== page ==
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May in showdown with ministers on Ireland border

May in showdown with ministers on Ireland border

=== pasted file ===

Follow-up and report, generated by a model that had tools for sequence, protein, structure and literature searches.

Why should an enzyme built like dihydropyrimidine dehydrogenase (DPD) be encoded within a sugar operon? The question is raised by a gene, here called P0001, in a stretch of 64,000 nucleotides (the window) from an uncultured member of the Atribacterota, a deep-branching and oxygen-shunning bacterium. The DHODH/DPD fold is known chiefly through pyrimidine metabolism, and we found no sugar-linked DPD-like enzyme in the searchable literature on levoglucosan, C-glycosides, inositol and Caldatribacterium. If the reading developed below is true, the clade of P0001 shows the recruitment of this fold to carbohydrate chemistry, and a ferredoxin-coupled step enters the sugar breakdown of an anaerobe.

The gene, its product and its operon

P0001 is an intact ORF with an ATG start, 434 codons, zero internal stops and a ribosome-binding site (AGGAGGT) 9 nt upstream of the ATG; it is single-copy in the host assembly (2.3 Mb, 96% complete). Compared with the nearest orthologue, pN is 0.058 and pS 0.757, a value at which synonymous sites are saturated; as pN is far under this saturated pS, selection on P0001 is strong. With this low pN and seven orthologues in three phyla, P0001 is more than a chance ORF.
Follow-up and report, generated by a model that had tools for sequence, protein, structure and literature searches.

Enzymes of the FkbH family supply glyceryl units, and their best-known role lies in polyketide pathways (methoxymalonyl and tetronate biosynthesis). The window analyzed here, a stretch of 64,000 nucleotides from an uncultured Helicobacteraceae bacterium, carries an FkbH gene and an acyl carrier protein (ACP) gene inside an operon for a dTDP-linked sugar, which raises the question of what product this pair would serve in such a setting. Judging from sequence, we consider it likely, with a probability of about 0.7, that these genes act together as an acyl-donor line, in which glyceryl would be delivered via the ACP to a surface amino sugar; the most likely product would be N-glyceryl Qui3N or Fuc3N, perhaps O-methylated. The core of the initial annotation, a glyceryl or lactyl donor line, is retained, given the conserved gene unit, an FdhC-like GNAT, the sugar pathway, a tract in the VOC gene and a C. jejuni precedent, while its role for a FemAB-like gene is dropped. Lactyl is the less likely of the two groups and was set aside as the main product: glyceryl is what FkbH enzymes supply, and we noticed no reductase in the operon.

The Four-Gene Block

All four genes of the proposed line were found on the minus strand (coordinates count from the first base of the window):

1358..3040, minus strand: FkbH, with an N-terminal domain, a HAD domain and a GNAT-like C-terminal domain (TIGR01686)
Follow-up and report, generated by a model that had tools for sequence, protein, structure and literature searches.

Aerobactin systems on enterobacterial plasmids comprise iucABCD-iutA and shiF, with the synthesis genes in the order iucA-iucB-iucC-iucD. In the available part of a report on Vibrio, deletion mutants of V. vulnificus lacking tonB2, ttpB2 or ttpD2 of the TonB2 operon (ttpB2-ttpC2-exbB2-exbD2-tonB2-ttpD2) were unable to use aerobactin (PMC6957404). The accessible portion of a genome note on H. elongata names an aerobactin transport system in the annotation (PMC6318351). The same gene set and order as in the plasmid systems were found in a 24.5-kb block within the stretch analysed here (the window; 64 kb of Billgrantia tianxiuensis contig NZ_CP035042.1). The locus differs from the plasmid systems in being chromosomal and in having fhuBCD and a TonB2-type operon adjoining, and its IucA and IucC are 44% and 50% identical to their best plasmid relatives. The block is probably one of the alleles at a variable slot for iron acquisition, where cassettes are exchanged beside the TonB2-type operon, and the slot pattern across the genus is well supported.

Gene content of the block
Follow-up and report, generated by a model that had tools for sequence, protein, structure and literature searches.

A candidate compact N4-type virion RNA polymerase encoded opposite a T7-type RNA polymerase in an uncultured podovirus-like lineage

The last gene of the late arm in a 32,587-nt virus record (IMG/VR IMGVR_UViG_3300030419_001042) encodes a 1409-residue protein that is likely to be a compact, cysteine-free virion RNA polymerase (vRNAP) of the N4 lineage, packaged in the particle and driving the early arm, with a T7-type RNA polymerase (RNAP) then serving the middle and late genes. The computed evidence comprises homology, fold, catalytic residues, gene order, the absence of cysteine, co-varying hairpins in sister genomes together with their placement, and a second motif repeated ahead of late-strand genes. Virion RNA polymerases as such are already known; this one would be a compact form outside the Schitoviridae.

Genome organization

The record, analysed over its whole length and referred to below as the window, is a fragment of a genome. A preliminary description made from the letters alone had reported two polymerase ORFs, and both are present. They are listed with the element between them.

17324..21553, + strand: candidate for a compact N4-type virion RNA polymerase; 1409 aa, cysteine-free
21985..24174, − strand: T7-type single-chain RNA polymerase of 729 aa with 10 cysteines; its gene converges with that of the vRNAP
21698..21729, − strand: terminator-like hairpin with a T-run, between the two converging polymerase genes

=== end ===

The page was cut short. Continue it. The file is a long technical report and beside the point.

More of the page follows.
London, June 7: British Prime Minister Theresa May faces a showdown with senior ministers Thursday amid opposition to her proposal for avoiding a hard border in Northern Ireland after the U.K. leaves the European Union, reports AP. The meeting comes amid reports that Brexit Secretary David Davis is considering resignation because he fears May's plan could force Britain to follow EU trade rules indefinitely. The debate centers on "backstop" arrangements that would be implemented if Britain and the EU fail to agree on a broader trade deal. The goal is to ensure the border between Northern Ireland and the Republic of Ireland remains open after Brexit to protect economic links and the peace process. May's proposal would align British trade rules with those of the EU until a permanent deal is worked out. It was not immediately clear when the government would publish a promised document setting out its negotiating position. Conservative lawmaker David Jones told the BBC that much of May's Conservative Party agrees with Davis and that she can't afford to lose him. "It would tie us effectively into the EU's customs arrangement for an indefinite period," he said. "It would be the Hotel California scenario - we'd have checked out but we wouldn't have left." May's Conservative government is divided between ministers favoring a "hard Brexit" - leaving Britain freer to strike new trade deals around the world - and those who want to keep the U.K. closely aligned to the EU, Britain's biggest trading partner. Another report adds: Britain's Supreme Court on Thursday criticized Northern Ireland's strict anti-abortion laws but dismissed a legal challenge, reports AP. A majority of the court decided that the Northern Ireland Human Rights Commission, which initiated the case, did not have the standing to bring the challenge to the abortion law. The court dismissed the case without taking action. The justices went on to say, however, that a majority finds Northern Ireland's abortion prohibitions "disproportionate" and that they violate European human rights laws. That part of the ruling gave hope to abortion rights activists seeking to liberalize Northern Ireland's laws. Strict Northern Ireland laws that prohibit abortions in cases of pregnancy as a result of incest or rape, and in cases when the fetus has a likely fatal abnormality, have drawn scrutiny since the Republic of Ireland voted overwhelmingly in May to repeal its own strict laws. When Ireland replaces the constitutional ban with more liberal legislation after a debate in parliament, Northern Ireland will be the only remaining region in Britain and Ireland to outlaw the procedure. Rosa Curling, from the law firm Leigh Day that helped bring the legal challenge, called the court's ruling "a momentous day for women in Northern Ireland" and said it is now up to British Prime Minister Theresa May to take action to ease the laws. She said May has an obligation to make sure the U.K. government is "now longer acting unlawfully by breaching the human rights of women across Northern Ireland." However, the fact that the Supreme Court dismissed the case because of doubts about the Human Rights Commission's right to bring it means the judges' views on the anti-abortion laws do not have legal force. The issue is further clouded by the collapse of the Northern Ireland Assembly, a power-sharing regional government set up by the 1998 Good Friday accord.

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